The room smelled of jasmine and clean linens and open windows. “It’s almost embarrassing, how simple it is,” she said in low tones. “It’s just one easy secret.” She waved her hand in a formless gesture. She looked almost embarrassed.

Well. She looked almost embarrassed, and she looked 27 years old. That was why I had come.

“Of course,” I said. “I’ve heard that.”

“What have you heard?”

“Oh,” I said, wondering how much to reveal, how carefully to avoid offending. “Rumors, mostly.”

She smiled. “I know you have heard rumors. I want to know which ones.”

“Well,” I said. “They say — that is, some of them say —”

“Who says?” she asked.

“The dermatologists.”

“Ah. The dermatologists. They hate me, you know.”

“I know,” I said. “They say it’s a scam, some of them. Some of them…some of them say you use blood.” The smell of jasmine grew stronger, sharper, more insistent.

“It is difficult for them to understand,” she said. “That a mother, a 53-year-old mother, a 53-year-old local mother, could learn a single trick that makes her look 27.”

“Yes, about that,” I said. “Where are your children?”

“It’s not a trick,” she said. “It’s a technique.”

“I only ask,” I said, “because you mentioned them earlier, in your letter, and I thought perhaps that was part of the secret.”

“The secret,” she said, leaning forward, “was given to me long ago. And the secret is not potions, not creams, not surgery, not magic. The secret is this,” and she placed her thumbs firmly at the base of her jaw and pulled.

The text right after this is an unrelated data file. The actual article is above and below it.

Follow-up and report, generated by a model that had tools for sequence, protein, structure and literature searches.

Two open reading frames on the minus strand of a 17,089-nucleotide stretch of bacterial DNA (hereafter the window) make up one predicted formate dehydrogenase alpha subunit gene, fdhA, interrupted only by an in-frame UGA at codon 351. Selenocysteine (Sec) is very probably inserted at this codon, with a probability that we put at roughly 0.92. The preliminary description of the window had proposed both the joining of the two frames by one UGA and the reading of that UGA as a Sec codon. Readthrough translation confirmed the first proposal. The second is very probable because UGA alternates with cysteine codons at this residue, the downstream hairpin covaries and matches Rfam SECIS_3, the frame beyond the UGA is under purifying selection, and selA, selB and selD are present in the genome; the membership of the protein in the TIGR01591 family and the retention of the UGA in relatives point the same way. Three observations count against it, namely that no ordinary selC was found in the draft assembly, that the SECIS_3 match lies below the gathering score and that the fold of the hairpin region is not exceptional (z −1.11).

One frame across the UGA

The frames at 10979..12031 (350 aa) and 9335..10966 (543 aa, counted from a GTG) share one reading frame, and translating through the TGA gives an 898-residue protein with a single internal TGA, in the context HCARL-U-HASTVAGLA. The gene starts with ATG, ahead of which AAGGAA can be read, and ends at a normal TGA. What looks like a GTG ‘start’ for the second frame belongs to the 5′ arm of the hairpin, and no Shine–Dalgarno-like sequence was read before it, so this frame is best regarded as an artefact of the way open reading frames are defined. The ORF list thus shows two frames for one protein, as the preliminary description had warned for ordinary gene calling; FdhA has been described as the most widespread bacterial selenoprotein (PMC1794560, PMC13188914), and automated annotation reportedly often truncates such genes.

I couldn’t help the scream. Her smile stretched out and floated up above her mouth as she painstakingly and carefully flayed the skin right off of her face. First one eye, then the other, popped out from underneath the peeling layer of flesh as it traveled upward toward her forehead. With some effort, she pried the last of it off of her hairline and sat back. “That’s all.”

“How —” I began, stammering. “How did you —”

“Practice,” she said. “Practice, and hard work, and sacrifice.”



“What kind of sacrifice?”

“There’s no time for that now,” she said.

“Of course,” I said quickly. “You’re tired from your work. Please let me come back another time. I must write about this. I must know the rest of your story.”

Her smile grew wider. “No, you don’t understand,” she said. “The secret stays in this room. Stays with me.”

I felt behind me for the door and realized stupidly that it, and the room around me, was dissolving rapidly. Black spots crowded the edges of my vision and I had just enough time to watch her face swirl above mine before even that dimmed into nothing.

“There’s another secret,” I heard her say, and then I heard nothing.